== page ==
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Published on: 18:37PM Oct 17, 2014

Imagine having a herd of nothing but prime, yield grade 1 cattle. They’d command the attention of feeders, packers and consumers. Unfortunately, only 3 in 10,000 carcasses will make that grade. According to National Geographic, a research study being conducted at West Texas A&M is trying to up those numbers. The experiment involves cloning a heifer and steer that had superior carcass merit but were not able to spread those genetics until being discovered on a rail in a packing plant.

The story is part of a multiyear initiative by National Geographic that focuses on “The Future of Food.”

Welfare Double Standard

The Animal Welfare Institute (AWI) sent a letter to the National Cattlemen’s Beef Association expressing concerns with how cattle are cared for in the U.S. Some of AWI’s chief concerns include: tail docking, hot-iron branding, dehorning and castration without pain control. One of the head scratchers involves a double standard, AWI doesn’t like the practice of housing cattle in barns with slated floors but they are worried about cattle being properly protected during times of extreme cold weather.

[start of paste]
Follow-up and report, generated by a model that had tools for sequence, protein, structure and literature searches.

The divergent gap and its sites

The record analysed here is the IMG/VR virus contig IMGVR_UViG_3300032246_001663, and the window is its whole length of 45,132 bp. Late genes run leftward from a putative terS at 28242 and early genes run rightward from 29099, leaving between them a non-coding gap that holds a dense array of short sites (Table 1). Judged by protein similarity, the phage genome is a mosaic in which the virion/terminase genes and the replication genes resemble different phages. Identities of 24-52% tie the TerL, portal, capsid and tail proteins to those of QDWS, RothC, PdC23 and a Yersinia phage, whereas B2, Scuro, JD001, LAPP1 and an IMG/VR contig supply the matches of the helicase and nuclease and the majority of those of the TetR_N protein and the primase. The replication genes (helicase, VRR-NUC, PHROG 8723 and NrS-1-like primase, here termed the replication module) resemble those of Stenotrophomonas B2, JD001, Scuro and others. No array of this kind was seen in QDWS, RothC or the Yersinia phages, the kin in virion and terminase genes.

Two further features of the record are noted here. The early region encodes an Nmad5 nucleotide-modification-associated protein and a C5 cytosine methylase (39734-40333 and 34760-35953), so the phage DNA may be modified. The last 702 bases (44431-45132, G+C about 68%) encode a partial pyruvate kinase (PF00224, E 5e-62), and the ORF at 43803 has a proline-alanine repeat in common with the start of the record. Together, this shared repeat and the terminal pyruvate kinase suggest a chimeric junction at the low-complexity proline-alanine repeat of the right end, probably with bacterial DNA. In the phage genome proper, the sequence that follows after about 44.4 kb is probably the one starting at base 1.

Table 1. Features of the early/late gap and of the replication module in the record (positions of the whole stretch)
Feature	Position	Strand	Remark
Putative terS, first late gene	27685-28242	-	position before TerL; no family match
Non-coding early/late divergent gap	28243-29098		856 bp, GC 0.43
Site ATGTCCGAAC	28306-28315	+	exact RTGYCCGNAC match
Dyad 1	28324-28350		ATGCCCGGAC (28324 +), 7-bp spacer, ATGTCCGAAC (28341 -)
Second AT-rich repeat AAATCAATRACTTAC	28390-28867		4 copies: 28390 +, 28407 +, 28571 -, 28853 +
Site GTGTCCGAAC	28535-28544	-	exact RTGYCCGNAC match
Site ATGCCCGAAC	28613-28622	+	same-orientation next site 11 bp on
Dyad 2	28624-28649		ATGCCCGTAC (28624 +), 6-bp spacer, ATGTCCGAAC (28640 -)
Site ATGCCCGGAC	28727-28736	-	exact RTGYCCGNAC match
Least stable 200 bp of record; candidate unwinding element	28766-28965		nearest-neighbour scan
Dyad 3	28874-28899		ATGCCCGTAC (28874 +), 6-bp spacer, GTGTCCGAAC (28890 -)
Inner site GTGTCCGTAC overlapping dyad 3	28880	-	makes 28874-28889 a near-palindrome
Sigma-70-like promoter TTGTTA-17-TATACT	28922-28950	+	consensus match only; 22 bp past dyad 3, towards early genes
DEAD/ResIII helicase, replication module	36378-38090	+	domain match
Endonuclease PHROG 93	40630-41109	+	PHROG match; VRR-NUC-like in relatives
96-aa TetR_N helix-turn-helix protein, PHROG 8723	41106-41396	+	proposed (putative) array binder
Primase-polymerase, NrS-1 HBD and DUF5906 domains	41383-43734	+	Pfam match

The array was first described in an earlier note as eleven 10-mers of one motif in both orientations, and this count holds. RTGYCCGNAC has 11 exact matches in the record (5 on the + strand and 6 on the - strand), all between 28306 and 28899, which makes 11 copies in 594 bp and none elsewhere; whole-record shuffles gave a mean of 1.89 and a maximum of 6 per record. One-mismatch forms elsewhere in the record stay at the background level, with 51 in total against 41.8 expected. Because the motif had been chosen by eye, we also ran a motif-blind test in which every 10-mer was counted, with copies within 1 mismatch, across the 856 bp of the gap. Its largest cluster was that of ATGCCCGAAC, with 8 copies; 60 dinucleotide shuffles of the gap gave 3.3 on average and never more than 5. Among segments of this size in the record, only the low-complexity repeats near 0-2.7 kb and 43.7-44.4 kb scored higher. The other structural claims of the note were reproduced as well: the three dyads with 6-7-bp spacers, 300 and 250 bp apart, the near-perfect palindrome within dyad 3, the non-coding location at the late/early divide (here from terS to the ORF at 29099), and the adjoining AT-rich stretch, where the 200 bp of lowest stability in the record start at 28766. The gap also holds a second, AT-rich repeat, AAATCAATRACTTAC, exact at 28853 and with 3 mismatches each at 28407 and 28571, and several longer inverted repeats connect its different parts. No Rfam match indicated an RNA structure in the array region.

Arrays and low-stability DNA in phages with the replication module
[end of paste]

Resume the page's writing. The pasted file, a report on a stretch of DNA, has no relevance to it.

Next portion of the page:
Some of the complaints may have some merit, but to help protect your operation from scrutiny be sure to get Beef Quality Assurance certification. Oh, and did we mention it’s free until Oct. 31!

Misleading Meat Labeling

More and more consumers want to know about their food. Those labels aren’t cheap and to help reduce costs (or possibly hide a flood of low quality beef) supermarket chain Giant removed the grades from beef cuts to simply say “USDA Graded”. While the label was truthful it was still misleading because having grades like “choice” and “select” on the package is standard with nearly 94% of beef being graded.  “Food labeling has become an incredibly powerful marketing tool,” says Bill Marler, a lawyer and food safety expert. Labeling also is very profitable. About $377 billion worth of food is sold in the U.S. and labeled with the 35 common claims like “natural,” “organic” and “carb conscious”.

Replacing Hay with Corn

Replacing hay in your ration with corn this winter could be beneficial.

According to Warren Rusche, cow-calf field specialist at SDSU Extension, low corn prices could make winter feeding a little easier and cheaper because less hay would be required if corn is added to the ration.